Put Out the Fire!

 

 

burning building

I’m angry. I’m sad. I’m frustrated. I’m worried. An entire host of emotions is stalking me and most of them are related to what I perceive as the state of our country. I can go on a little trip, watch a good movie, do a little shopping, read, visit with friends or any of the things that usually put me in a better frame of mind and I keep coming back to an emotional meltdown. My concern for the health of my country and the safety of its people is mounting. I see images of frightened souls running from a backfiring motorcycle or hear of shoppers abandoning malls because of rumors of a shooter and I know that we have reached a tipping point in our tolerance for the hatred and violence that only seems to mount as we argue about what best to do.

Frankly I’m not too worried about myself. I’ll be seventy one on my next birthday and I have had a great life. I’m going to be struck down one way or another in the coming years. It is inevitable. I think more about the innocents who still have so much more to offer to this world. I grieve that so much fear festers in the background of even the most common things we do. As schools begin to reopen once again I can’t help but think that parents are a bit fearful. We used to feel safe in the certainty that the odds of something happening to our children as we send them off were slim to none, but more recent history has taught us to think differently.

I’ve had my fill of listening to arguments that remind me that car accidents and heart attacks also kill just like mass shootings I don’t want to be lectured on the number of people harmed by gang violence in big cities. I do understand that someone intent on murder will ultimately find a way regardless of any laws that we enact. I am weary in knowing that while we hesitate to take action the numbers killed in mass shootings grow. It is as though we have sent the evil doers a message that we are not serious about our intent to stop them. 

I do indeed agree that solving the problems that we have must take many different forms of action. Our task will not be easy, and it may even reduce some of the liberties of good men and women. I have become convinced that simply discussing pros and cons over and over again is a fruitless experiment. While I believe in the power of prayer I also know that sometimes God expects us to take care of our problems. We must agree to do what will ultimately be the best for the common good. In that spirit this what I believe:

  1. We must root out hate groups whether they be from the far right or the far left, domestic or foreign. We have had success with this in the past. Now it’s time to get tough again. 
  2. We must shore up our entire mental health system. Giving a few million dollars to each state is only a drop in the bucket. It is time that we encourage research and fund the best doctors and clinics on a par with the rest of the medical community. We cannot allow insurance companies to place limits on funding care for those who need it. We have to bring mental illness into the open and treat it the way we would cancer or heart disease.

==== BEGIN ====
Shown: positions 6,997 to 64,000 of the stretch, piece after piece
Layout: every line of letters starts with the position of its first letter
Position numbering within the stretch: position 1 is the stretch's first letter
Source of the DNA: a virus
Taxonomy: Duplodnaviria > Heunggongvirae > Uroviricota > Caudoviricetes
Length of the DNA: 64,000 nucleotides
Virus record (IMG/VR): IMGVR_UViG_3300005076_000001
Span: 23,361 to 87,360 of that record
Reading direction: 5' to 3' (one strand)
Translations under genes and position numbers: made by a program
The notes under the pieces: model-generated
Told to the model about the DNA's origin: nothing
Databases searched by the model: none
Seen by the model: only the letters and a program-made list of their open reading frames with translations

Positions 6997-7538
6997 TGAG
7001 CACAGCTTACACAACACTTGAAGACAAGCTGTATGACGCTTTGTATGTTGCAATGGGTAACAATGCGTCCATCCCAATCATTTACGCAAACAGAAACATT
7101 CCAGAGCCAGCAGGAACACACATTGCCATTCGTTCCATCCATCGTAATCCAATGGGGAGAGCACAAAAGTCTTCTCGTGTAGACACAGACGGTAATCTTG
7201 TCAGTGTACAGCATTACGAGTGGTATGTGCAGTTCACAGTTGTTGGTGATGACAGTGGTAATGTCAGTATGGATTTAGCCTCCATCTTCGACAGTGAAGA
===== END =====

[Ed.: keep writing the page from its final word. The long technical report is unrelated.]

3. All threats of violence or terrorism must be taken with extreme seriousness. All of us must be vigilant and willing to report concerns to the proper authorities just as we would contact CPS when we see a child being abused. 
  4. We must enact Red Flag laws that deny access to weapons to anyone who is mentally ill or who is on record for threatening others.
  5. It is time to close all loopholes on the purchase of guns whether at store, gun shows or from private citizens and if needed extend the amount of time for background checks to insure that all pertinent information is up to date and nobody slips through the cracks.
  6. The AK 47 and AR 15 type rifles need to be banned for use other than in the military or by law enforcement officers. The thirty round magazine should not be available for purchase by ordinary citizens. These guns are too rapid fire and they inflict wounds that are deadly and difficult to repair. There is absolutely no reason for ordinary citizens to have them for hunting or protection. It’s time to get them off of our streets. 

I can already hear the gnashing of teeth and remarks that such measures will only hurt the innocent. We’ve heard all of the arguments before and I don’t need to rehash them. I simply believe that we can no longer ignore the obvious fact that we have allowed the most hateful among us to have a field day while we turn on one another rather than taking action. If we find that what we have done fails to fully address the problems then we can convene again to determine which measures work and which need improvement. It’s what businesses do all the time. Doing nothing is akin to having a long discussion about how best to put out a fire when a building is burning down.

Many of my former Hispanic students have tweeted that the El Paso shooting hits them personally. As humans these violent acts affect all of us personally. It doesn’t not matter if the victims are little white children, high school students, Hispanics shopping in a Walmart, gays, black church goers, police officers, or young people out for a fun night. Whenever one among us is hurt, we are all hurt. We proclaim that this is a great country, and I believe with all of my heart that it is, but we have become lazy. We want our problems to just vanish with a wing and a prayer. Surely the evidence is proving that this will never happen. It’s far past time for action and some sacrifice from everyone. We can do this, and we must do so before the poison in our country festers to a point from which there is little hope of return.

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